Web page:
8. I needed an answer regarding how to answer my narcissistic mother in law when she asked to see our daughter last night. I told my wife to respond to the text by saying that she was not the only parent, which she did. this morning my phone rang and I was literally panicked. I had thought there would be two possible outcomes. one would be that there would be no further inquiry and two would be what happened. I didn’t answer and haven’t listened to the voicemail. the amount of damage that has befallen my small family at the hands of not just my mother in law, but my sister in law who is possibly on a higher level of narcissism if there is a hierarchy, her husband who has the most inflated sense of self of any of these narcissists, and her brother who retains deniability by living in a different city and refuses to read any correspondence from my wife is deplorable. by deplorable I mean that I could not have imagined that things could get into a situation where the power given to the orchestrators of all of this – the power given to them as the family business where my wife had done above and beyond with increasing responsibility over the past 20 years for the enabler, her father, was sold.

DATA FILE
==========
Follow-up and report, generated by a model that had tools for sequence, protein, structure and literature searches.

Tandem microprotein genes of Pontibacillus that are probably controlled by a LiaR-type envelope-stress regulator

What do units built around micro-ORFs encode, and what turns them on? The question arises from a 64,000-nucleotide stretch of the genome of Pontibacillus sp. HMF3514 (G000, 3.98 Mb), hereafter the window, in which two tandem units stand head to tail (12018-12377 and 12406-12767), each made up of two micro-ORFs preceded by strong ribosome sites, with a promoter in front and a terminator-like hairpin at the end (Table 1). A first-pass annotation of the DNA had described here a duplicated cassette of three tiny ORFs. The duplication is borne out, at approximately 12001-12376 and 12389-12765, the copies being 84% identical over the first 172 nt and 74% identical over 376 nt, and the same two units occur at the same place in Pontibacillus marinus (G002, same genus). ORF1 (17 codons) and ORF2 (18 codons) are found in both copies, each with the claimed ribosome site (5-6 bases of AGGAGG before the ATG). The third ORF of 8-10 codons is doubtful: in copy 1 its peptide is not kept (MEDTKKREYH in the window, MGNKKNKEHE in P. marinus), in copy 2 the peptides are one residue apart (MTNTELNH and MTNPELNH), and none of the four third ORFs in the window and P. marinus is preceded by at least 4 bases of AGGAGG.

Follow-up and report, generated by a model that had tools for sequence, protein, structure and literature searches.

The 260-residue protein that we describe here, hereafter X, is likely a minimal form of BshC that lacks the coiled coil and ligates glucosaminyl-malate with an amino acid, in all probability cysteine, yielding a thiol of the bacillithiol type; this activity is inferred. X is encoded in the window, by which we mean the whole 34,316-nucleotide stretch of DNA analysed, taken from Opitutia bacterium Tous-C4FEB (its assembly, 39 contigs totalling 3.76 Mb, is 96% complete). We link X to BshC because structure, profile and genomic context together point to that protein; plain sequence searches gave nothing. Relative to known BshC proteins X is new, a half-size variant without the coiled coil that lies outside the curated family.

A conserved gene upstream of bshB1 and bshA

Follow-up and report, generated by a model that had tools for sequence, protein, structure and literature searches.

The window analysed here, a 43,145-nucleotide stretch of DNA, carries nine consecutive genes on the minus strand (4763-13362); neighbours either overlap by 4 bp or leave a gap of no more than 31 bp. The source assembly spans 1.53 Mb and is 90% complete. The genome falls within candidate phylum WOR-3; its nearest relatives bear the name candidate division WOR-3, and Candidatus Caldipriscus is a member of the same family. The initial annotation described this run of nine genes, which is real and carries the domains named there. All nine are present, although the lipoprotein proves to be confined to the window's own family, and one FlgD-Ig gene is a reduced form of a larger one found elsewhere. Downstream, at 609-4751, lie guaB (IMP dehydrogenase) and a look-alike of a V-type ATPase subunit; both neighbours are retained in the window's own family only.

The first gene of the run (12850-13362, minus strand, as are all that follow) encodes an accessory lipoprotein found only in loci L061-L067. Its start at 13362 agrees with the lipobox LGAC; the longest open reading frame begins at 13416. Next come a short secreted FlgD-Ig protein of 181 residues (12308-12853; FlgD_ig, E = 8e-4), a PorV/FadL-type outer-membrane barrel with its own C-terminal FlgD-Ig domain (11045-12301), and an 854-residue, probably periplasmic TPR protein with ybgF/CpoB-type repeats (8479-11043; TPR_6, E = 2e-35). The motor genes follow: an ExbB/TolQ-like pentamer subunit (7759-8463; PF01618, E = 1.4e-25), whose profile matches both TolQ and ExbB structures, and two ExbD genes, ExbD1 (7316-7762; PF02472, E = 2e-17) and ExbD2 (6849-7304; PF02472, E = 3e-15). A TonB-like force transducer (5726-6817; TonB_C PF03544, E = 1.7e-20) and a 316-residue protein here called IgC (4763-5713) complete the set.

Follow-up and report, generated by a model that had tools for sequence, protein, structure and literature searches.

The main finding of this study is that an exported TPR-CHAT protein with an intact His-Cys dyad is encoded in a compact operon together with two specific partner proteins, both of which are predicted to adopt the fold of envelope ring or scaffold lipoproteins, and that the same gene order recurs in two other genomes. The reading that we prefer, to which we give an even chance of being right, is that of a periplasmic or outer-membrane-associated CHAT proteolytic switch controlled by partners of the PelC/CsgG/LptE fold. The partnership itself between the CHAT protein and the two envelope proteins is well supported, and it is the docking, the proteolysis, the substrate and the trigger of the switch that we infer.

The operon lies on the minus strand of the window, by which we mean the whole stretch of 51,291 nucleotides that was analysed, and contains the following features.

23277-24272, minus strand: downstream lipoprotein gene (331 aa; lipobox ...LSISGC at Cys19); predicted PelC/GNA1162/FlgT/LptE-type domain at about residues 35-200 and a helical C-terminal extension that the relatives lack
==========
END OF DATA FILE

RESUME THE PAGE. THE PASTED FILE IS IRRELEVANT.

I still have trouble understanding how or why anyone would actually do this, but I’m getting a clearer picture given the amount of incidents from the past 25 years, which seem trite in comparison. bringing over a box of various food items to “help” during times when we were paycheck to paycheck, and even during times when we didn’t need anything at all that were all past expiration date is a good example of what type of passive aggressive behavior that I had thought was not a big of a deal, but still just TWISTED. they had been given the protection that is given to a multinational corporation after the sale of the business. in hind sight it was all laid out by her mother and sister, which I initially voiced to my wife, but she really thought her father was there for her. but because her sister’s husband was placed into a position of authority over her and because the now owning corporation would not listen to my wife when she maintained that he needed some supervision, he abused the power he was given without anyone to protect or backup my wife. even her father watched some of the insanity of the situation and remains in full denial, which as the enabler I completely see this much more in the way I had initially seen it – with a gut feeling that he was being told what to do by his wife and his oldest, who had always had a mired jealousy over my wife – wanting everything she had and acquiring everything she voiced she wanted. everywhere we have turned for legal help seems to dead end and in the aftermath, after losing our financial standing, with me being disabled and my wife being a shell of her former self we are now being sued for a bogus unlawful detainer, which won’t hold up in court, but after reading all of this I am almost afraid that it won’t given the retaliation that could follow.